Your senior year of high school is a busy time. You have to fill out college applications and visit colleges, plus homework and extracurriculars. The one thing you can’t afford to neglect: filling out your Free Application for Federal Student Aid, or FAFSA. It’s the form all college students need to be considered for federal grants, loans and work-study programs.
» MORE: Your FAFSA questions answered
The start date for the FAFSA application for the 2020-21 school year is Oct. 1, 2019. To be eligible for the most aid, you should fill it out as early as possible — even before you find out which schools accept you. Here are five FAFSA tips to help you save time.
1. Create your FSA ID before you start
You’ll need a Federal Student Aid ID — a fancy term for a username and password — to submit your FAFSA online. If you’re a dependent student, your parent will need one too. You can both create one on the Federal Student Aid website.
Creating the ID should take only about 15 minutes, says Amy Jarecki, dean of students at Indiana University East. But you’ll have to wait one to three days for the Social Security Administration to verify your ID before you can make changes to your FAFSA or use the IRS Data Retrieval Tool (more on this below).
2. Gather your personal information and financial documents
The fastest way to get through the FAFSA is by gathering the information you need before you start, including these important documents for students and parents:
- Social Security card.
- Driver’s license (if you have one).
- 2018 tax returns.
- 2018 W-2 forms.
- 2018 untaxed income records.
- Current bank statements.
For an exhaustive list, check out this FAFSA checklist.
3. Use the IRS Data Retrieval Tool if possible
The IRS Data Retrieval Tool lets you transfer information from your prior-prior year tax returns directly to your FAFSA. If you can use it, it’ll save you time, prevent mistakes and lower your chances of being selected for the tedious FAFSA verification process, which increases the time it takes to get your financial aid award.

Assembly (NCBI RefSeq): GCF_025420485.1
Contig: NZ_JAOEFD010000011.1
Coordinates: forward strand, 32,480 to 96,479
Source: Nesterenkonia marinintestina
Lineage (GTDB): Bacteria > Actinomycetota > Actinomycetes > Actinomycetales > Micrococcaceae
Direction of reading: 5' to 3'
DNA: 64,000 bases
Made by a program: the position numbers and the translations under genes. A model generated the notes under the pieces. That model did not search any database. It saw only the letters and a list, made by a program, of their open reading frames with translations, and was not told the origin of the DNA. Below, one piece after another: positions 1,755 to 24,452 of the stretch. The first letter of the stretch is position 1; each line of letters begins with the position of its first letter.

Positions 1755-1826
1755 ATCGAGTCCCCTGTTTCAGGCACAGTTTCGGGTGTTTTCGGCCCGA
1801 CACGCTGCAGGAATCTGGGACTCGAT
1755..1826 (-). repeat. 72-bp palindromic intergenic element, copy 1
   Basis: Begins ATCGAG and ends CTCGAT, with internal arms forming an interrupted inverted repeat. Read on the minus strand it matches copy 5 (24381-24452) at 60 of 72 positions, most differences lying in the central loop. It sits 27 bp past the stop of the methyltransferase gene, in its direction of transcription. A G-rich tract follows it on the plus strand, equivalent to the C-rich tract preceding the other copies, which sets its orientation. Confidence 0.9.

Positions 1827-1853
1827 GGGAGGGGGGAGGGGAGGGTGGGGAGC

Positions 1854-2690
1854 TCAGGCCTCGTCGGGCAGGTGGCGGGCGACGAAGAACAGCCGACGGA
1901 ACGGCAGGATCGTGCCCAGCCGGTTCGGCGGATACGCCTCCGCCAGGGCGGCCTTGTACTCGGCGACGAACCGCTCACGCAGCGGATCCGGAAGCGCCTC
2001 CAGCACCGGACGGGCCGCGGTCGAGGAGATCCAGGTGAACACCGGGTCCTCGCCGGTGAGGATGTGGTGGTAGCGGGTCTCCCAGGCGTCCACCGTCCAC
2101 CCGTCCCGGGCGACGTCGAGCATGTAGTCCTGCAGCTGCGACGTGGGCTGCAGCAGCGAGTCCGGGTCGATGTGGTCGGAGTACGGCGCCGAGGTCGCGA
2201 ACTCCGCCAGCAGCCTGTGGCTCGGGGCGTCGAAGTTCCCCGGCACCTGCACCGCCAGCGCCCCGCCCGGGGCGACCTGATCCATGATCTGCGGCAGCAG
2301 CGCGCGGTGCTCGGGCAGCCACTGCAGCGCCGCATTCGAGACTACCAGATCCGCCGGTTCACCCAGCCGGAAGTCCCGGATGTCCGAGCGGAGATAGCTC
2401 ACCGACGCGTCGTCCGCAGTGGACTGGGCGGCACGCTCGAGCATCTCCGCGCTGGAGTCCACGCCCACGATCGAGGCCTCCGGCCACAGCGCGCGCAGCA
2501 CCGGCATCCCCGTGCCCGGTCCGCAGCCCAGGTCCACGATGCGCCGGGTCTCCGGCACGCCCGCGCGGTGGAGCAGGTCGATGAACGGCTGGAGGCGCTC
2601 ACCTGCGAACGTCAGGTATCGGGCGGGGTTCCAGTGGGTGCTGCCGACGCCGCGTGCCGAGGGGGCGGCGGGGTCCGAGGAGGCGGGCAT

Using the IRS Data Retrieval Tool “doesn’t completely keep you immune from the verification, but it can help,” Jarecki says.
You don’t have to wait until you file your taxes to submit the FAFSA. Parents and students are able to use their tax information from the previous year to fill it out. For example, for the 2020-21 school year, the FAFSA will open in October 2019, and parents can use their 2018 tax information instead of waiting to file 2019 taxes. This allows more students and parents to submit the FAFSA sooner.
4. Get answers to questions about family circumstances
NerdWallet’s FAFSA guide has a resource that walks you through the FAFSA questions related to your family circumstances. Choose the option below that best applies to you for guidance on how to answer each question on the FAFSA.
Family structure (dependent students):
- My parents are married.
- My parents are divorced.
- My parents were never married.
- I live with legal guardians or foster parents.
- My parents are same-sex partners.
- One of my parents has died.
Family structure (independent students):
- I don’t know the whereabouts of one or both parents.
- I have an abusive or neglectful parent.
- One or both of my parents is incarcerated or institutionalized.
- I have no contact with one or both parents.
- I am legally emancipated.
5. Check for mistakes before you submit
It may be tempting to submit the FAFSA as soon as you complete it, but check it for errors and missed questions first — it’ll save you time in the long run. Your FAFSA could be rejected if there’s a mistake, and you’ll have to correct it before you can receive your aid offer. Errors or missed questions also increase your chances of being selected for verification, which involves additional paperwork.
Make sure all the numbers you enter on the FAFSA are correct, and spell your name exactly as it appears on your Social Security card.
“If your name doesn’t match up, it can delay the whole process,” says Lauren Heatherly, regional recruitment manager of New Jersey and New York for Ohio State University. “That accuracy is paramount to us being able to process the FAFSA.”